What were the goals of the Bureau of Indian Affairs in developing the irrigation projects? The legal basis for the BIA's control over the lives and property of Indians was that the Office of Indian Affairs was acting as a guardian for the interest of Indians. One goal was to protect Indian water rights. As mentioned above, this led the BIA to lease Indian land to whites where Indians were not yet ready to use the water themselves. The BIA was establishing Indian water rights through the legal doctrine of prior appropriation and beneficial use. This legal principle holds that the first user has a right to water relative to later users, and it is the basis of water law in western states. After 1908, however, Indians had another legal claim to water. In the case of Winter v. United States the Supreme Court held in 1908 that in creating Indian reservations, Congress had guaranteed Indians a right to `sufficient' water, even where Indians were not currently using the water. In the first two decades after the decision, however, no one knew exactly how much protection this gave Indians, and the BIA continued to use the doctrine of prior appropriation. Thus, Indian water rights were unquestionably protected if the water was used, even if it was used by a white tenant. The second goal of the irrigation program was to make the projects self-funding. The third goal was to promote the independent agriculture among Indians, which was the general goal of all Indian agricultural policy in this period.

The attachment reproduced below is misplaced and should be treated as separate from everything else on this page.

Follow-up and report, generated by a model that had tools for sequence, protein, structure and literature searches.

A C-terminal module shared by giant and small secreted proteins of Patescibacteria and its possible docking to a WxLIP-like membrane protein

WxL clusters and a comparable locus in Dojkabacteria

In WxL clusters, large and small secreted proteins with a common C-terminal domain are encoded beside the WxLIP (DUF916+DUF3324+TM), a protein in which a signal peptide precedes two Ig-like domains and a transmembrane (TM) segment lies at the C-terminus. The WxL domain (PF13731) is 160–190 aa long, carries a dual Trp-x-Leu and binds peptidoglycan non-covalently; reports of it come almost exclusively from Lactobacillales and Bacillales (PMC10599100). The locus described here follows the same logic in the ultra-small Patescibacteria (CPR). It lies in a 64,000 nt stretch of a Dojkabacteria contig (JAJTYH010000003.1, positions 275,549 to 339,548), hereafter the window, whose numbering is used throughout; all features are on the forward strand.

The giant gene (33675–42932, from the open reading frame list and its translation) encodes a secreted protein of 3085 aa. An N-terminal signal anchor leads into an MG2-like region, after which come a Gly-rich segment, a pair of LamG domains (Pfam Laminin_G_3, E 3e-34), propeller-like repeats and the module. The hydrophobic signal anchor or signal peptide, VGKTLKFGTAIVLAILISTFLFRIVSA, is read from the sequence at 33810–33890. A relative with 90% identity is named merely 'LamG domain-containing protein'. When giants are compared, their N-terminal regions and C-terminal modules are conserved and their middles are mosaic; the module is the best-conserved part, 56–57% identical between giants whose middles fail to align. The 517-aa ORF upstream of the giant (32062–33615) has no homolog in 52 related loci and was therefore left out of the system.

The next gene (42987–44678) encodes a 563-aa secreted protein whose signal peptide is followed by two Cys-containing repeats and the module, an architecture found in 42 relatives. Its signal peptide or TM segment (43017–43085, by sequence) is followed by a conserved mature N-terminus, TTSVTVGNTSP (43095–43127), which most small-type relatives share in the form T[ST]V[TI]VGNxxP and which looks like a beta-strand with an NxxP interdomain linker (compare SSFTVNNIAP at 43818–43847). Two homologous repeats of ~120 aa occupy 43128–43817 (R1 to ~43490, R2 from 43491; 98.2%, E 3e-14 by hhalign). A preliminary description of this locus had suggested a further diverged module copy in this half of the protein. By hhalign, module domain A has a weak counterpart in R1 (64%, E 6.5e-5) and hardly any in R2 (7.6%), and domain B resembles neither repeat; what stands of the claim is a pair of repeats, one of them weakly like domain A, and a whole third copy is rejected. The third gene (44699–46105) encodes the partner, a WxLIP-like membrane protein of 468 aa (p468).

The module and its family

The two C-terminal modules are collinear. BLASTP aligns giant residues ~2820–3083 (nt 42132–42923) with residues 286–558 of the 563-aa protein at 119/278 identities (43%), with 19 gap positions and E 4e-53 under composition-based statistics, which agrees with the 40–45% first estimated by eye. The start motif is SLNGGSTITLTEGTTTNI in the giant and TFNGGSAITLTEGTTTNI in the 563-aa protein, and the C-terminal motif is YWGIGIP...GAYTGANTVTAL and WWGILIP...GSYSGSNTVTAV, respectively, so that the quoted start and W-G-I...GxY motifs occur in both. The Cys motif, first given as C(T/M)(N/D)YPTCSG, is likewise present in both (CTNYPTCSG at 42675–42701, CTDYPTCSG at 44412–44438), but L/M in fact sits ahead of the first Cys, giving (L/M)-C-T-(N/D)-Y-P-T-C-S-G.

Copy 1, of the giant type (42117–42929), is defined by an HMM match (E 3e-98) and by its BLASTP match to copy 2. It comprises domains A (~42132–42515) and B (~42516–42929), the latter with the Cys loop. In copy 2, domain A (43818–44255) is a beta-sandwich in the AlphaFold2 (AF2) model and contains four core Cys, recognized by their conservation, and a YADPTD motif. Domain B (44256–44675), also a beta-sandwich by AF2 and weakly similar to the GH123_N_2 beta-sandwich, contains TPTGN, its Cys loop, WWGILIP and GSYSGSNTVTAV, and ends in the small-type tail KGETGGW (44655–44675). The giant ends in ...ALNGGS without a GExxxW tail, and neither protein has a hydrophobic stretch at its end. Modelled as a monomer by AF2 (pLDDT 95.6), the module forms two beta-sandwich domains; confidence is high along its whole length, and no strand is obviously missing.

The problem was that the first and second goals, utilizing the land on the irrigation projects to establish Indian water rights and generate revenue, was in conflict with the third goal, encouraging Indians to be farmers. The easiest way to be sure that someone farmed the irrigated land on a project was to lease it to white farmers, who had more capital, both physical and human, than did Indians. But, as I have argued extensively elsewhere, the leasing of land by Indians often caused a decline in farming by Indians. Since the BIA wanted to encourage Indians to farm their own land, leasing land to whites was a contradictory policy. The size of the allotments also proved to be a difficulty. For example, if an Indian family allotted 40 acres under the General Allotment Act could only use 10 acres, the remaining 30 acres would often be leased to non-Indians. This was wasteful, since some of the funds used to irrigate Indian lands might have been better used to aid Indian farmers (by offering loans or training), rather than irrigate lands Indians could not use. The leasing of allotments also encouraged a decline in Indian farming(Carlson, 1981).